Increasing the number and proportion of URM cardiologists will require designing and implementing more effective strategies at all levels of the educational continuum. There are many reasons to devote more financial and intellectual resources to confront this challenging problem. Cardiologists have embraced the importance of risk-factor modification as a powerful tool to reduce the burden of cardiovascular disease in our society. If we hope to reduce the disproportionate burden of cardiovascular disease that affects the poor and underserved, both our nation and our profession must work together to make it possible for more black, Hispanic, and other URMs to enter medicine and become cardiovascular specialists.
1. The medical profession should support local and national efforts to enhance the educational opportunities for minority students so there is a larger pool of qualified URM applicants to medical school—the first formal stop on the career path to cardiology.
2. Academic medical centers should work hard to create and maintain an atmosphere that values diversity and, reflecting the focus of our working group, an environment that actively supports and encourages URM students, postgraduate trainees, and faculty members.
3. Academic and practitioner cardiologists should actively encourage URM medical students and internal medicine residents to consider a career in cardiology.
4. Internal medicine training program directors and cardiology training program directors should make an active effort to recruit, matriculate, and graduate increased numbers of URMs.
5. The ACC, together with the Association of Black Cardiologists (ABC), the American Heart Association (AHA), and the Association of Professors of Cardiology (APC), and the cardiology training program directors, should collaborate in the development and implementation of curricula on racial and ethnic disparities in cardiovascular disease status, outcomes, morbidity, and mortality.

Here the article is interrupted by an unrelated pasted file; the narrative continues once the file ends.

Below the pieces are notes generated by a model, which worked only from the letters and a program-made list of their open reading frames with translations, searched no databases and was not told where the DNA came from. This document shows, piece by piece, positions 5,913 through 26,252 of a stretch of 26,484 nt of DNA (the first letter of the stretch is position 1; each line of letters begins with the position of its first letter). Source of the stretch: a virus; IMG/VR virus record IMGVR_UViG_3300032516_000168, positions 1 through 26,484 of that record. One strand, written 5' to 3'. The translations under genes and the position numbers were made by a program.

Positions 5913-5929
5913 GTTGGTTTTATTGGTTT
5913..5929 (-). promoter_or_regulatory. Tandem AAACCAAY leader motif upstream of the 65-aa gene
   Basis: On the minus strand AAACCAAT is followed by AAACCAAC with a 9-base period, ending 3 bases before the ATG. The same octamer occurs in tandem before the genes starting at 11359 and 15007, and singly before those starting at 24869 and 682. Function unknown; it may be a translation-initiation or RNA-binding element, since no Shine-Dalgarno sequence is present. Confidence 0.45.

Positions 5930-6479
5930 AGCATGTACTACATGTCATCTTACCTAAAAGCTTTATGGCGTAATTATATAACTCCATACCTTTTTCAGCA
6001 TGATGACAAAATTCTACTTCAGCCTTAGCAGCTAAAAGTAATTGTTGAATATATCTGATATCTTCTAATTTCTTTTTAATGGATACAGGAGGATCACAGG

- American College of Cardiology Foundation
Working Group 3 References
- ↵Minority Students in Medical Education, Facts and Figures XII. Association of American Medical Colleges. 2002. Available at: http://www.aamc.org/publications/medicalschoolapplicants.pdf. Accessed January 31, 2004
- ↵Smart DR. Physician Characteristics and Distribution in the U.S. 2004. Chicago, IL: American Medical Association, 2003
- ↵Heart Disease and Stroke Statistics—2004 Update. American Heart Association. Available at: http://www.americanheart.org/presenter.jhtml?identifier=3018163. Accessed February 19, 2004
- ↵Racial/Ethnic Differences in Cardiac Care: The Weight of the Evidence. Summary Report. Henry J. Kaiser Family Foundation and the American College of Cardiology Foundation, 2002
- ↵Unequal Treatment: Confronting Racial and Ethnic Disparities in Health. Washington, DC: The National Academies Press, 2004
- National Healthcare Disparities Report 2003. Agency for Healthcare Research and Quality. Available at: http://www.qualitytools.ahrq.gov/disparitiesreport/download_report.aspx. Accessed January 31, 2004
- Mayberry R.M.,
- Mili F.,
- Ofili E.
- ↵American Medical Student Association. Study Group on Minority Medical Education: Findings From Literature Search and Anecdotal Data. Final Report. September 20, 1996. Health Resources and Services Administration, U.S. Department of Health and Human Services
- ↵California Constitution. Article I, Paragraph 31. 2003
- ↵Hopwood v. Texas. 78 F3d 932 (5th Cir). 1996. 116 SCt 2581. Cert denied
- ↵Greene, J. Primary Care Matches Down Again: Fourth Year of Decline Worries Some. American Medical News. Available at: http://www.ama-assn.org/amednews/2001/04/09prse0409.htm. Accessed April 9, 2001